April 21, 2010
Minding Our Own Business: Whom should we be admitting?
Posted by Usha Rodrigues

I'm an entrepreneurship fan myself, yet I admit I share some of Gordon's skepticism on the front of using entrepreneurship as a law school admissions criterion.  Christine hypothesizes that law schools "encourage the risk-averse."  I'd say it stronger than that: law schools attract the risk averse.  Traditional legal education reinforces risk aversion by training lawyers to spot problems without providing solutions.  This is why businesspeople don't like lawyers.  Targeting entrepreneurs to come to law school sounds to me like the inverse of that apocryphal Sinclair Lewis story.  Good entrepreneurs are already out there entrepreneuring.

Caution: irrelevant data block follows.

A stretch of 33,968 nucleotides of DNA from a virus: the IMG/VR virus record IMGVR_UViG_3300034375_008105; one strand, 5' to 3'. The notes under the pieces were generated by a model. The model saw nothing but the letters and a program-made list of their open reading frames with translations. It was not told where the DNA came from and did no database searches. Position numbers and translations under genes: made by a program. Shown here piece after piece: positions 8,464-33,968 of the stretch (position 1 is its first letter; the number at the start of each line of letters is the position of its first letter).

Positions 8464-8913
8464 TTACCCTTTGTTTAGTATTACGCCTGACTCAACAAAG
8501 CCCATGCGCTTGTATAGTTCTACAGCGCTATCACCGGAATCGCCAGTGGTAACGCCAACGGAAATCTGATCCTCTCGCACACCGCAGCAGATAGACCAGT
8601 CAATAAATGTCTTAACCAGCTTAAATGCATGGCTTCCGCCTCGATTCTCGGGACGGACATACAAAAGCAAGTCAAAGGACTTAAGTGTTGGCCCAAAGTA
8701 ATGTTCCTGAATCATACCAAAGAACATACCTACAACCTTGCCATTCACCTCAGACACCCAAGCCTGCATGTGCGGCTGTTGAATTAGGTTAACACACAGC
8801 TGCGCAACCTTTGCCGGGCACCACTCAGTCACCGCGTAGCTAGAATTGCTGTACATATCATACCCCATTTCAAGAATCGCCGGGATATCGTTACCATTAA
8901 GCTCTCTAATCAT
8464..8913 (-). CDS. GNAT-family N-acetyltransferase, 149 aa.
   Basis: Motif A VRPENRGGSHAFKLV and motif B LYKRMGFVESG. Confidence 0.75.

Larry suggests giving a lot of extra points to applicants who have started, or at least worked in, a business, or shown equivalent initiative.  But these to me are two very different categories.  Those who start a business or invent something are true entrepreneurs--but they seem to me relatively unlikely to want to go to law school to learn to be business lawyers.They're already out there doing their entrepreneurial thing.  On the other hand, I heartily agree with favoring applicants from the second category.  Students who have worked, in a business setting, teaching ESL--honestly doing anything at all--bring a lot to the table in terms of maturity and "client-readiness," simply by virtue of having worked in the real world.

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